Saturday, June 13, 2009
What power do state and local governments have to regulate or enforce laws relating to immigration? This question is a recurring one, even as the federal government attempts immigration reform.
In her new article, The Constitutionality of State and Local Laws Targeting Immigrants,
available on ssrn here and forthcoming in University of Arkansas Little Rock Law Review, Professor Karla Mari McKanders of University of Tennessee (photo below), argues that
The practice of employing state and municipal laws to exclude immigrants should be discontinued. . . . . If states and localities are permitted to enact immigration laws, our country will have fifty different iterations of pro- and anti- immigrant laws. This will also cause state and local governments across the country to compete with each other to see who can pass laws to exclude immigrants from their states, so they will not have to address any issues that come along with migration and integrating immigrants into their communities. This will essentially result in a downward spiral of states with laws that exclude (a race to the bottom) as states and localities attempt to enact laws which result in immigrants relocating or self-deporting.
McKanders analyzes the various (and contrary) federal decisions, noting that the federal courts take two main positions: (1) when states act pursuant to their police powers, state laws that affect immigration are not per se preempted; and (2) the INA establishes a comprehensive scheme that preempts state and local laws that target or affect immigrants. She concentrates on Chicanos Por La Causa, Inc. v. Napolitano, 544 F.3d 976 (9th Cir. 2008), and Lozano v. City of Hazleton, 496 F. Supp. 2d 477, 540-41 (M.D. Pa. 2007), but also discusses the important Eleventh Circuit case Young Apartments, Inc. v. Town of Jupiter, 529 F.3d 1027 (11th Cir. 2008), as well as several others.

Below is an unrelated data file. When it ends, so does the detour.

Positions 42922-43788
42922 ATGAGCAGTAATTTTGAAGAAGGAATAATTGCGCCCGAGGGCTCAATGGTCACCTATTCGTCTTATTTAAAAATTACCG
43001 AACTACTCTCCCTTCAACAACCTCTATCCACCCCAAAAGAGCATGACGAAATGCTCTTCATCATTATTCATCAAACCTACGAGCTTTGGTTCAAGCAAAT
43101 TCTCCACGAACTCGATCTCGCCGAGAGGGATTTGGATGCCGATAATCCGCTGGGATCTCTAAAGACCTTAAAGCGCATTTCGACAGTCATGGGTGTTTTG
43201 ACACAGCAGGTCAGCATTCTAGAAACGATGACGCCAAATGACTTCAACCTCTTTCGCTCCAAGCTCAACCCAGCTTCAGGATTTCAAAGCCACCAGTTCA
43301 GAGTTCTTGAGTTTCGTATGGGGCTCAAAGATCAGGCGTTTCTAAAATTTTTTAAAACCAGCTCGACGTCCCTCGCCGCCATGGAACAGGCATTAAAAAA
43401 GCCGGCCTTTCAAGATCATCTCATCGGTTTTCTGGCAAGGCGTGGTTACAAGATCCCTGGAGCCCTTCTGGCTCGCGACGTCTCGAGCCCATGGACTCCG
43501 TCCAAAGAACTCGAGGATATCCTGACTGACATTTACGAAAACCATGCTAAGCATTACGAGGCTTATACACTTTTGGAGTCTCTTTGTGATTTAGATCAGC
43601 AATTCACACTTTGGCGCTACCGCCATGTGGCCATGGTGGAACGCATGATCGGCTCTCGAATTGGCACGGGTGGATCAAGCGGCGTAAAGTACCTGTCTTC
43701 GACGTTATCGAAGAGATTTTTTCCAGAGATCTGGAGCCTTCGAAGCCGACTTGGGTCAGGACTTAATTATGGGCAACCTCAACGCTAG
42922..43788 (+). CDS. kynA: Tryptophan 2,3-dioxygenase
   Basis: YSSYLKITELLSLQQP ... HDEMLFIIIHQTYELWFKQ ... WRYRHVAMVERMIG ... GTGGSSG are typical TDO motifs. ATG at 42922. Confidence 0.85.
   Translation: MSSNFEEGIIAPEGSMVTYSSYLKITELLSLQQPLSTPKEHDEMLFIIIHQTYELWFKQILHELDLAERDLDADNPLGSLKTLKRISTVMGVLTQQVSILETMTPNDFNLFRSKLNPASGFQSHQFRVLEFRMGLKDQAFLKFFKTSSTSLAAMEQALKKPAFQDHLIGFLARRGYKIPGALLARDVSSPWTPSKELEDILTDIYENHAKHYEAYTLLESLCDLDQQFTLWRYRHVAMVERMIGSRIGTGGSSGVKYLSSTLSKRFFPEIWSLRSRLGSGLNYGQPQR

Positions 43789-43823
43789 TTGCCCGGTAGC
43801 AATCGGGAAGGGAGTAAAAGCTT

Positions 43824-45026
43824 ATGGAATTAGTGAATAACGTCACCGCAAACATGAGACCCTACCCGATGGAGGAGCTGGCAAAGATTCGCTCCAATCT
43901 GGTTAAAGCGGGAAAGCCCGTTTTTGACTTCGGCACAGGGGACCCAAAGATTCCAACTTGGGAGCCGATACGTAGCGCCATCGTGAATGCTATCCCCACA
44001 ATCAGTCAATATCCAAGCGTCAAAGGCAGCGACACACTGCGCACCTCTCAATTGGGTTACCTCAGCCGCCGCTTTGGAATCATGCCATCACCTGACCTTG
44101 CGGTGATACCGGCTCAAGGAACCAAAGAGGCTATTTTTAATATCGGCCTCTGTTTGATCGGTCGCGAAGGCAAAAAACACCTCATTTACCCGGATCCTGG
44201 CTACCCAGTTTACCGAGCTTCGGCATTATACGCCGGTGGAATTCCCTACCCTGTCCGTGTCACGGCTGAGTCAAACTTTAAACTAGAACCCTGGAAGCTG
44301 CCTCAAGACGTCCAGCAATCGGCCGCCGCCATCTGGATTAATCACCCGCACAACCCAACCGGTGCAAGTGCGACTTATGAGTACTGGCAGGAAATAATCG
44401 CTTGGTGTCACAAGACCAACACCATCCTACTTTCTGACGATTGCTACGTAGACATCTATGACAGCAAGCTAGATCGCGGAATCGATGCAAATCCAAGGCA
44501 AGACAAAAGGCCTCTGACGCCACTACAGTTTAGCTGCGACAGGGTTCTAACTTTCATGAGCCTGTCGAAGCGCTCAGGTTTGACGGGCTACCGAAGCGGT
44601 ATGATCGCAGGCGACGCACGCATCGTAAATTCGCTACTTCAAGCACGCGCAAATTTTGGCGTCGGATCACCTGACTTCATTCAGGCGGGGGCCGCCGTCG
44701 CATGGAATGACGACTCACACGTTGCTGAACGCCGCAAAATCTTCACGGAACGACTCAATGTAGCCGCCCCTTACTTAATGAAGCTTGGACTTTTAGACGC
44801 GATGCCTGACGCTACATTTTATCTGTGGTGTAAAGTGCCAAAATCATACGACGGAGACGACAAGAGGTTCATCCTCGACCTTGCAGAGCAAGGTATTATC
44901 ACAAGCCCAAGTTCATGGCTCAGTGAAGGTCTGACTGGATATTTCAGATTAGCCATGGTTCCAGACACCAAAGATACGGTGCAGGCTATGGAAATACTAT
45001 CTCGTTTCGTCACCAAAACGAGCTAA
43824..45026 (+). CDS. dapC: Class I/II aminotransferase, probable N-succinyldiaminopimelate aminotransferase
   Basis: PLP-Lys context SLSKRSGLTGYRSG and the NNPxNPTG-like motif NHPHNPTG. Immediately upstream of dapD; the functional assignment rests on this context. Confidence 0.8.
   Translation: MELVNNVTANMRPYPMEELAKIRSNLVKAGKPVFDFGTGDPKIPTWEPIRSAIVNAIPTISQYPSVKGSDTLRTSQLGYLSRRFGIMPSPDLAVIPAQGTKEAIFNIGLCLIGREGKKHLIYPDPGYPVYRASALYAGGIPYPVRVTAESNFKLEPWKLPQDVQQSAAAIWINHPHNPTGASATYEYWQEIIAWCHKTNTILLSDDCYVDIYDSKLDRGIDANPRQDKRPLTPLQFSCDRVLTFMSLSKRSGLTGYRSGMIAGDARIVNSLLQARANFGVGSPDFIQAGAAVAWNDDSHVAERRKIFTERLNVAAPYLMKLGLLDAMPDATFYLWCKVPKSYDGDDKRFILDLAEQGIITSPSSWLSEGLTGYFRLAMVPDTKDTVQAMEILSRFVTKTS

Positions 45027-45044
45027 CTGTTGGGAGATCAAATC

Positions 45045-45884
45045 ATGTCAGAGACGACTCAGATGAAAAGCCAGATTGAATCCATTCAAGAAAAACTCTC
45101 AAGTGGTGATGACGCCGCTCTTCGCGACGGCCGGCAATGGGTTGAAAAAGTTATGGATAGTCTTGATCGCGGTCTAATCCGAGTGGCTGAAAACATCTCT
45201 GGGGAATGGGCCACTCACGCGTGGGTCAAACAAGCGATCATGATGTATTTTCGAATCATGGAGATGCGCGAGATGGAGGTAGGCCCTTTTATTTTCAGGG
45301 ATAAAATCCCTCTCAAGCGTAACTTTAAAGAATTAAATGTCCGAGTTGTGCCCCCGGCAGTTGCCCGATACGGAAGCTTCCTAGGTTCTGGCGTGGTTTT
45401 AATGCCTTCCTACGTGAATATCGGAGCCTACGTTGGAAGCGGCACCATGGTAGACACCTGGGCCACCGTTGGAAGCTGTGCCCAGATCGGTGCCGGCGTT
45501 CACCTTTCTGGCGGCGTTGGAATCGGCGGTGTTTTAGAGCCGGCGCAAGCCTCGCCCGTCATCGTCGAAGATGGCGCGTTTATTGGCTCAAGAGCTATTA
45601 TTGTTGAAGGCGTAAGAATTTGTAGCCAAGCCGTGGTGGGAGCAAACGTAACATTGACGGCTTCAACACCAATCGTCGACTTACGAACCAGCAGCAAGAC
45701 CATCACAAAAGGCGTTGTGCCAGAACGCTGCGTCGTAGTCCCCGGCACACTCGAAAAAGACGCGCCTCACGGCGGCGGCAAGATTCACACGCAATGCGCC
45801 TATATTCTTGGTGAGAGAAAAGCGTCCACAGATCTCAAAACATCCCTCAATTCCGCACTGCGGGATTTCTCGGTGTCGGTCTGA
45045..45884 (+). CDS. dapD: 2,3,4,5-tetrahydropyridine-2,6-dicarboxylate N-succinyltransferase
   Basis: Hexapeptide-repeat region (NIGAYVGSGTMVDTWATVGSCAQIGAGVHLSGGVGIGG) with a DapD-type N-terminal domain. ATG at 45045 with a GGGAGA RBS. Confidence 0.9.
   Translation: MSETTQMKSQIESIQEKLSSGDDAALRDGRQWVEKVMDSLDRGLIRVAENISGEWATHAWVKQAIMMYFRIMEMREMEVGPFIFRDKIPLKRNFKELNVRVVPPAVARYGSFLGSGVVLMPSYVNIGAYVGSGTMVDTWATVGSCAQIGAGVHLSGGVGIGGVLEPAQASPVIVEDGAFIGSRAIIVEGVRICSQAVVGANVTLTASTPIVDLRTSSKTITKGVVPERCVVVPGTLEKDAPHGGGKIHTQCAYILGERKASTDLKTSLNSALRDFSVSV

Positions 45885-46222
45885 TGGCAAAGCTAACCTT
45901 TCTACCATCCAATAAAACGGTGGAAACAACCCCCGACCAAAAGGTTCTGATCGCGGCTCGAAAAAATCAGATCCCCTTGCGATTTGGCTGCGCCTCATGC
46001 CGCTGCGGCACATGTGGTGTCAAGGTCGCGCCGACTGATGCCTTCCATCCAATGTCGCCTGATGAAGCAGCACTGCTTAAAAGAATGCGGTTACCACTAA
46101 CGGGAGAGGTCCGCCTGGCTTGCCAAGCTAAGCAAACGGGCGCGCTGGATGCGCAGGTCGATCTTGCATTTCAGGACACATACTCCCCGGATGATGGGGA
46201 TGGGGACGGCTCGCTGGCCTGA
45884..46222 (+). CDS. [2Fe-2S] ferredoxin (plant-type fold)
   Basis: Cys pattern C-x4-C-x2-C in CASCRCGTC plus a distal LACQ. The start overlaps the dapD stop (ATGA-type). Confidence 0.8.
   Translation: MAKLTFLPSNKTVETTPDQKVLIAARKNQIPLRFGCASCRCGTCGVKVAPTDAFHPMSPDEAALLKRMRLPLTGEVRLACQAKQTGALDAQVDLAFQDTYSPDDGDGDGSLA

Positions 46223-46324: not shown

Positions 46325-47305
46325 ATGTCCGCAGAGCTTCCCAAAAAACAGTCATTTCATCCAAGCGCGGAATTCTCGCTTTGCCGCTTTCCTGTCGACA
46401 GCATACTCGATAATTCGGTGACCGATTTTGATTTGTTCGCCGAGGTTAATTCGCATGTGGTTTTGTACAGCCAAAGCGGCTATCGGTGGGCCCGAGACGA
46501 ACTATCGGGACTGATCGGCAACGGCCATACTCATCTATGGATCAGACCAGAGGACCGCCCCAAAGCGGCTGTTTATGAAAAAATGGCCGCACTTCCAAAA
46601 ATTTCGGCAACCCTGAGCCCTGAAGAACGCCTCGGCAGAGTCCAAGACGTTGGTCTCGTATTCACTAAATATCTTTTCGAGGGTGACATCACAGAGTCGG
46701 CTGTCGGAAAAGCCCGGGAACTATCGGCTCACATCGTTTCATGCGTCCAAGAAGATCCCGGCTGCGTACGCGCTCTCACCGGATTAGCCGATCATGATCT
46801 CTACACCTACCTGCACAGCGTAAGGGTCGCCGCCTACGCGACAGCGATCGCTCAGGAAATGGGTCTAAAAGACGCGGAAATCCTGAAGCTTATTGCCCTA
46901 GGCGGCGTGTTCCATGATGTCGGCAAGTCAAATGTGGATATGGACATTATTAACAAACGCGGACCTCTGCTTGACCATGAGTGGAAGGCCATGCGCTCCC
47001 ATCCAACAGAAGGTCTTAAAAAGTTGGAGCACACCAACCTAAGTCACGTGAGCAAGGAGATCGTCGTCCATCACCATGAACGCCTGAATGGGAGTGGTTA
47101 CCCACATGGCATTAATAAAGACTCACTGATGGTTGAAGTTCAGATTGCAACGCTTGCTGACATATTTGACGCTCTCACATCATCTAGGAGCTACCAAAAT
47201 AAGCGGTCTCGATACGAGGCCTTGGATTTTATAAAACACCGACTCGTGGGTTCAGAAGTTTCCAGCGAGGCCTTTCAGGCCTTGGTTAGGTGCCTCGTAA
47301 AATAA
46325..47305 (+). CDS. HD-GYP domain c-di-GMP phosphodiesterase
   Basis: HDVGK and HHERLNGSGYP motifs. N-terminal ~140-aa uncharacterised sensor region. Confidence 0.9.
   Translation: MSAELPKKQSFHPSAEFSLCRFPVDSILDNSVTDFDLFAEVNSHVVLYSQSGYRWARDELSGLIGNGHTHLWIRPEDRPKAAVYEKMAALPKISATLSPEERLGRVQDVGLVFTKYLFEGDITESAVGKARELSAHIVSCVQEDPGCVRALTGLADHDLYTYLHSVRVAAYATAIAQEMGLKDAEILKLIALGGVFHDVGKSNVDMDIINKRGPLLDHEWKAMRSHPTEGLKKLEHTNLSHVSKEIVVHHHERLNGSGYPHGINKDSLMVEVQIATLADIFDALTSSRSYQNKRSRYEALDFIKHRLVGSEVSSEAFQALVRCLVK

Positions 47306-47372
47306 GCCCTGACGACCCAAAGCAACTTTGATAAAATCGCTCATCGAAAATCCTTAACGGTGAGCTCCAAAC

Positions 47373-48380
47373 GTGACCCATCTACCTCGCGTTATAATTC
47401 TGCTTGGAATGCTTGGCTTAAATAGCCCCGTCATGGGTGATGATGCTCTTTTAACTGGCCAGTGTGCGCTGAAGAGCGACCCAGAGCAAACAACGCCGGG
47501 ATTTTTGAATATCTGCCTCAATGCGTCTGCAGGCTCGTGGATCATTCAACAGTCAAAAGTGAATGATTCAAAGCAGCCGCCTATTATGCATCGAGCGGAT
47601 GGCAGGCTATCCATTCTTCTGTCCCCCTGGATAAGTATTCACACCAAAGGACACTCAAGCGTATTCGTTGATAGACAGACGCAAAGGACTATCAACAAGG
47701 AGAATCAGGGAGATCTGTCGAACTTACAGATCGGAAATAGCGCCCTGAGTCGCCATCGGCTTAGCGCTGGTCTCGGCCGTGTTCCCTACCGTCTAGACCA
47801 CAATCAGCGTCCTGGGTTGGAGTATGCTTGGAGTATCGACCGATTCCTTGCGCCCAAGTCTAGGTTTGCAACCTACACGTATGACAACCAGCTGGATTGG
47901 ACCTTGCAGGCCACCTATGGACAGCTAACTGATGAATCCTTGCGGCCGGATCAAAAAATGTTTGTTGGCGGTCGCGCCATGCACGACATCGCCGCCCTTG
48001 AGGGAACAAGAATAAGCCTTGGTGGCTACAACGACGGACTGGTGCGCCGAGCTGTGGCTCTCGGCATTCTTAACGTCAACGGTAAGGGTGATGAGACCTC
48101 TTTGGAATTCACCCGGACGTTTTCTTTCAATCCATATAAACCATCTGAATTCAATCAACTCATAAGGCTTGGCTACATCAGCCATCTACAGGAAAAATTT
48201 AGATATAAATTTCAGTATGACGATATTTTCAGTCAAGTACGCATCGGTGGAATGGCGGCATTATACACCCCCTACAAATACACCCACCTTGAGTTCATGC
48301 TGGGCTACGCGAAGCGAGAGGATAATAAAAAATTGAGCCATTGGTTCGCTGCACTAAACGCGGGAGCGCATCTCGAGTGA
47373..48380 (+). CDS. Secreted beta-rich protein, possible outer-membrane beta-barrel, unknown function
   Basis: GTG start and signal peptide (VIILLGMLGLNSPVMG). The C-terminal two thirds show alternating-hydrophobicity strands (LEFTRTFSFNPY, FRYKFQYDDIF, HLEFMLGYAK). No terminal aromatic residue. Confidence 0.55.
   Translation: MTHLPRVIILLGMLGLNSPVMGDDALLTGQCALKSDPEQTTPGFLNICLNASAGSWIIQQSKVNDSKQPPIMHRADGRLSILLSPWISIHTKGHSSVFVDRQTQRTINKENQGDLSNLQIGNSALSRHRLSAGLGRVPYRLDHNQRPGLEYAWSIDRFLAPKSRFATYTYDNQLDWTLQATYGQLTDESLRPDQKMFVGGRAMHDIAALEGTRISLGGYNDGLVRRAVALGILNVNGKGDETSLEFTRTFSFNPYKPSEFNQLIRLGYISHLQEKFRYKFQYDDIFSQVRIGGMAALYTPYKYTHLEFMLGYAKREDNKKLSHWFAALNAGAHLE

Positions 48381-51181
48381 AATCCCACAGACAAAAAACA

This paper was prepared for a Symposium at University of Arkansas-Little Rock on “cause lawyering,” which the law review defined as “any activity that seeks to use law-related means or seeks to change law or regulations to achieve greater social justice—both for a particular individual and for disadvantaged groups.” The Symposium further focused on "immigrants and the Gay, Lesbian, Bisexual, and Transgender communities."
Professor McKanders was doubtlessly invited because of her excellent previous piece, Welcome to Hazleton! 'Illegal' Immigrants Beware: Local Immigration Ordinances and What the Federal Government Must Do About It, available on ssrn here and in Loyola University Chicago Law Journal. If you are teaching or working in this specific area, or on preemption more generally, McKanders' articles are definitely worth a close read.